Return to me

I am finally returning to this strange passion of mine–the world of transit.  In the coming weeks, I intend to post pictures and commentary from recent trips to Chile, New York, San Francisco, and Dallas, where I rode transit and made observations.

Before getting into the specifics of those transit systems and my trips on them, I would make a few general observations, both about those systems and about transit in general.  My perception, backed by some data, suggests that we have something of a paradox in public transportation today.  More people than ever want to use it, and more of it, in their daily lives and for special trips (i.e., high speed rail out of town), but funding lags.  But to me, if a city like Dallas, one of the more sprawling and “transit-unfriendly” I have seen, can add three light rail lines and a commuter rail line to Fort Worth, that says something about the bright future of transit nationally, if not worldwide.  Whether for financial, environmental, moral, logistical, or other reasons, people want alternatives to driving themselves where they want to go.  What’s important is for people to accept the need for upfront investments in public transportation that lead to a tremendous amount of additional value in their cities and states, that put money back into their pockets, time back into their days (in the ideal scenario), and the like.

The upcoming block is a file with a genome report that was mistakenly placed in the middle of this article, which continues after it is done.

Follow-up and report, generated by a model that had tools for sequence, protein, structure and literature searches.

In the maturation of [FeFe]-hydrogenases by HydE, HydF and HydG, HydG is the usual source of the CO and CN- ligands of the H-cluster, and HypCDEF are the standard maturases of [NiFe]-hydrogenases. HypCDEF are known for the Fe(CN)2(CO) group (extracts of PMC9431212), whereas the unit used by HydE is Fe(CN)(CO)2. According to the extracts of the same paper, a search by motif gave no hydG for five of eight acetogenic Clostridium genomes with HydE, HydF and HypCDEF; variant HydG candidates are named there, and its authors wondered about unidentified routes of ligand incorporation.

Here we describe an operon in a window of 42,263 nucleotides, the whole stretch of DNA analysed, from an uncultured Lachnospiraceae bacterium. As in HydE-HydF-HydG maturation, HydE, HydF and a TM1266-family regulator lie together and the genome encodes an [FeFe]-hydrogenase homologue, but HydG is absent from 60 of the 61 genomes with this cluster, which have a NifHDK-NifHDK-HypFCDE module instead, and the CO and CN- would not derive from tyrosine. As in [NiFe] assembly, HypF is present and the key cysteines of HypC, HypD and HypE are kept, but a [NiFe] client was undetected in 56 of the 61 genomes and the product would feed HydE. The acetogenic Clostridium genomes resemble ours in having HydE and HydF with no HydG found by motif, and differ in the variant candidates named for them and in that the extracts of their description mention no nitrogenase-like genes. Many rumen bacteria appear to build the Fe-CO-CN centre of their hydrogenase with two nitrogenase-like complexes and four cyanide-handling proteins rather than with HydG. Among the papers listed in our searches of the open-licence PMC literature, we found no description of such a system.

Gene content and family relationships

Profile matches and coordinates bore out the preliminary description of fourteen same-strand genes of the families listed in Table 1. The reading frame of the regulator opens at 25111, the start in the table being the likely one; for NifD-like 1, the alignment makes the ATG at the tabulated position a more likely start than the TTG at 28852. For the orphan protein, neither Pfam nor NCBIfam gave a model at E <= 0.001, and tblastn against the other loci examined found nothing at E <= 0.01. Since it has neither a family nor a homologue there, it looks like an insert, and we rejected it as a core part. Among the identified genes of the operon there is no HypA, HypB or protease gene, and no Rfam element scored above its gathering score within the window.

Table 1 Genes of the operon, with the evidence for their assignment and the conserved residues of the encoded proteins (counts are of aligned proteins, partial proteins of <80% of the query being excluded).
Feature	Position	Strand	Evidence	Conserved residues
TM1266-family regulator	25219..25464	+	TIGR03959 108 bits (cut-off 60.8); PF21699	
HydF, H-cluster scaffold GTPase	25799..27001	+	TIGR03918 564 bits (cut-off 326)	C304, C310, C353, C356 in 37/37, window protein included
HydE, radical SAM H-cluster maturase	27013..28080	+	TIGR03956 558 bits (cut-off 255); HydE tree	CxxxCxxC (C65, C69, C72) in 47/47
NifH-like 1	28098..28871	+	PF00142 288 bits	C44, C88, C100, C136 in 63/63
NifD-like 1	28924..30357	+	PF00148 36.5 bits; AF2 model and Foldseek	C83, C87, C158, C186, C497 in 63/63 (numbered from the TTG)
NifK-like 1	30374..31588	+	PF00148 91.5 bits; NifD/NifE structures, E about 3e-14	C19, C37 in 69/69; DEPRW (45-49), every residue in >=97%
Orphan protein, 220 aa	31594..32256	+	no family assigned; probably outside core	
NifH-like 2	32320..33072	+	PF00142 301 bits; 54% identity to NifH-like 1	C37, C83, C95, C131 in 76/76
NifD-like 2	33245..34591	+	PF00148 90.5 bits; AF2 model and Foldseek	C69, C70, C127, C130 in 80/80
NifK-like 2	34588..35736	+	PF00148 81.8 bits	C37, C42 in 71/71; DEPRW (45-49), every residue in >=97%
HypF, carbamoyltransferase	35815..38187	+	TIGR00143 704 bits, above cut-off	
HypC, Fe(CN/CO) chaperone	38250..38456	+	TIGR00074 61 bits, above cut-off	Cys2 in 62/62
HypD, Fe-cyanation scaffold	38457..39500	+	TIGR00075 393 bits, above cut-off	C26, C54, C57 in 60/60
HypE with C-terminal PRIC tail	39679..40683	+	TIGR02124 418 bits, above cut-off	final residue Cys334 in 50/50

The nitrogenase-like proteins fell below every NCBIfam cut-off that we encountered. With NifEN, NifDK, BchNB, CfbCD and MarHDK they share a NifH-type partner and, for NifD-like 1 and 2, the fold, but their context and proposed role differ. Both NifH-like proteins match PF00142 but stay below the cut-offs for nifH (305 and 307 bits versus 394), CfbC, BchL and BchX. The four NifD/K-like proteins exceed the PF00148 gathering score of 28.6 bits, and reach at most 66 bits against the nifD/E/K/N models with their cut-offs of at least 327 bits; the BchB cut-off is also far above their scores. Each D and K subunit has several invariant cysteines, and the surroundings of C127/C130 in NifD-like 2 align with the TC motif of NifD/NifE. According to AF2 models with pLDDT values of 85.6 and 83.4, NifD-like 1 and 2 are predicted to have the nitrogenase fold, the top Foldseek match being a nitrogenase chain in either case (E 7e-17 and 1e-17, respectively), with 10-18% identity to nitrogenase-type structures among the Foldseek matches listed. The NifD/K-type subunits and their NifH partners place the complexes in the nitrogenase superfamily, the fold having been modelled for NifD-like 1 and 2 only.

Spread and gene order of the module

I’ll say more about all of this later.  For now, here’s a quick update from South Florida, which I visit frequently.  While at first it might not seem so significant that a bus is dropping stops and running express, the report claims that this change in the Miami/Fort Lauderdale area is significant: “The service was launched last January as the first true regional cross-county bus service that allows riders to take a single bus deep into the heart of the adjacent county without having to switch to another bus after they cross the county line.”